I'll make a video on how to determine if you have a dolby board issue with your 9099/8080db to better help the community.
Here you go...
Thank you for the latest vid mark.
You are a good educator in your manner, humble to boot.
Thank you for your videos as they went a long way in forming a sense of awareness to grow from and investigating a few of those towards servicing further. (Have been fortunate in finding them and have one regular 9090 running well so far.)
Same troubleshooting and repair methodology apply to the QRX 8001 and QRX 9001 quad units as well ... more or less anyway.
Only thing I'd add is, the quad units have the push button switches sandwiched between a couple boards, and the only way to clean them right is to break down the stack ... and half the battle is getting that far, so you might as well pin the pass throughs while you're there.
Agreed, I have worked on a few QRX 9001 units. PITA...
And I agree with what you said about might as well do the pins by then.
... and with a 9001, you don't have to remove the board from the receiver either ...
(You just have to remove the receiver from the board) <G>
If you're still auditioning desoldering tools, I'm really liking the Jameco BenchPro SA6R. That's conservatively rated at 30 watts, but mine measures out at 42. Plenty of heat, good recovery, and I seldom need to go more than one click of the button for a clean joint. I went with the trusty old RatShack for years, but this runs rings around that, especially for getting into tight spots.
Just viewed the video, and one BIG difference between our repairs is the pinning method used. I went an extra step and scraped the traces next to each pass through for a more solid mechanical connection. Tin the traces, keep the pins long on each side, solder them in the holes, then bend each side to conform to the trace and solder that. Maybe overkill, as there's plenty bare copper around the rivets already, but as mentioned, this ain't something I wanted to have to do twice.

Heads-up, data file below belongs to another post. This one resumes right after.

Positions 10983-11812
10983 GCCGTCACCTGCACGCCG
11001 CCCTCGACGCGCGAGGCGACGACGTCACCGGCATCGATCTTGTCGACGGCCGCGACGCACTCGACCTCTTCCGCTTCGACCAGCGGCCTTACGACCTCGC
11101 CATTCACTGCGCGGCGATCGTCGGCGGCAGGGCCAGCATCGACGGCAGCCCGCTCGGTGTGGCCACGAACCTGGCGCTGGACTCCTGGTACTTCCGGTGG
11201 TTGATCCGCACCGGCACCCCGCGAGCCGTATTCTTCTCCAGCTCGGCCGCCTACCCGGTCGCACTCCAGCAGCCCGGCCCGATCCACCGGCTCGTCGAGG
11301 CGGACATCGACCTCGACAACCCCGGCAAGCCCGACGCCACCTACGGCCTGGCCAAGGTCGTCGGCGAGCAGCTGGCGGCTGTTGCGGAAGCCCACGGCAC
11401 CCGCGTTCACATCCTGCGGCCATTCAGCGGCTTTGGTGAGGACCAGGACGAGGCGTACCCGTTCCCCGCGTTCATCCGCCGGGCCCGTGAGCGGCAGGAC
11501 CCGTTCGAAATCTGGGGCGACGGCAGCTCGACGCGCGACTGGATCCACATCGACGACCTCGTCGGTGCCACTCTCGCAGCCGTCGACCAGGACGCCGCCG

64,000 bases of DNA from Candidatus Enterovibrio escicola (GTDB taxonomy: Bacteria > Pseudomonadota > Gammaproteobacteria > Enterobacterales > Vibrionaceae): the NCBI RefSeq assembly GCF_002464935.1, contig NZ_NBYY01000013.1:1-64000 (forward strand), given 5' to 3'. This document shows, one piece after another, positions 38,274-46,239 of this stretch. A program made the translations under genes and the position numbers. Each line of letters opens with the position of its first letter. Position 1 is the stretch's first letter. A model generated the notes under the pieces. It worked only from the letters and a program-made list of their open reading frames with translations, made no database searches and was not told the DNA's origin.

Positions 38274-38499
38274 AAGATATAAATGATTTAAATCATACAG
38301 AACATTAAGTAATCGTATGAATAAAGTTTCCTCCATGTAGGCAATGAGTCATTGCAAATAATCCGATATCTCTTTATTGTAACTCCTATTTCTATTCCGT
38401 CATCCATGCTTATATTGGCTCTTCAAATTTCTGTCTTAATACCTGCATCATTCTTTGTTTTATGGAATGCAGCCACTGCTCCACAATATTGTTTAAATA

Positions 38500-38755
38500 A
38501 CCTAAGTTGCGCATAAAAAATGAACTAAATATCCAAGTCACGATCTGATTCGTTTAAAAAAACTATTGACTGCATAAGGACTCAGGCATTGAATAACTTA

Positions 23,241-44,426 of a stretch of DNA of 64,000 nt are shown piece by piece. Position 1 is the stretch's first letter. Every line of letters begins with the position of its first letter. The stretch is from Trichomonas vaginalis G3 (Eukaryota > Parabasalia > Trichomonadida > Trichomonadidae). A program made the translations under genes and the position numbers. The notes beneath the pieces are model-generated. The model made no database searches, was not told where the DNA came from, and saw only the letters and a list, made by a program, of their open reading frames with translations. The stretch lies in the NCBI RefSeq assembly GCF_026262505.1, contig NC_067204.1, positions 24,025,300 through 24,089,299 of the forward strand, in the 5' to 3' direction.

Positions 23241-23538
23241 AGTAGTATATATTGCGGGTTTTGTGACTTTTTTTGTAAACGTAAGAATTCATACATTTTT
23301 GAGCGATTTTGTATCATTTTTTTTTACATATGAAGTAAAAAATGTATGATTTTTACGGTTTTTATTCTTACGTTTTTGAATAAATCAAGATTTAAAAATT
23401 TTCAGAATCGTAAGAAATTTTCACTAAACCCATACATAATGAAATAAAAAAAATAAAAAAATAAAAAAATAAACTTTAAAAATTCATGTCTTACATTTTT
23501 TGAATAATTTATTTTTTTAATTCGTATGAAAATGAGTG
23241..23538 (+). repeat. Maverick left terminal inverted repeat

I used an old X-Acto fine point blade dulled and ground flat at the end for a scraper ... worked nice!
PS ... good closeup of the rivets for anyone who hasn't had a close look at what we're talking about. Also shows what an outstanding job the Jameco desoldering tool does. These are pretty much factory fresh.
I've done the trace scraping a long time ago, added a good bit of time to the process. Then I tried a few without doing it and found it worked out well. As you said, typically there is a good amount of solder there to grab to. If I ever see one that doesn't look good, I do the scraping but not on all, just the suspect ones.
I'll check out that desolder tool.
How do you go about cleaning out the solder in that unit while using it hot?
The tip sits into a fairly long metal sleeve that keeps the solder molten ... Just push the plunger, and excess squirts right out. Tips are replaceable too ... I got an extra just in case, although mine already has some pretty good miles on it and still working the original tip.
One warning ... I was using an old iron holder with a full metal jacket, and the plastic barrel softened up and deformed. The holder didn't vent worth a crap and funneled all the heat straight up. Contacted Jameco, and they sent me a new iron, free of charge. I've since changed out to one of them spring things and no problems since.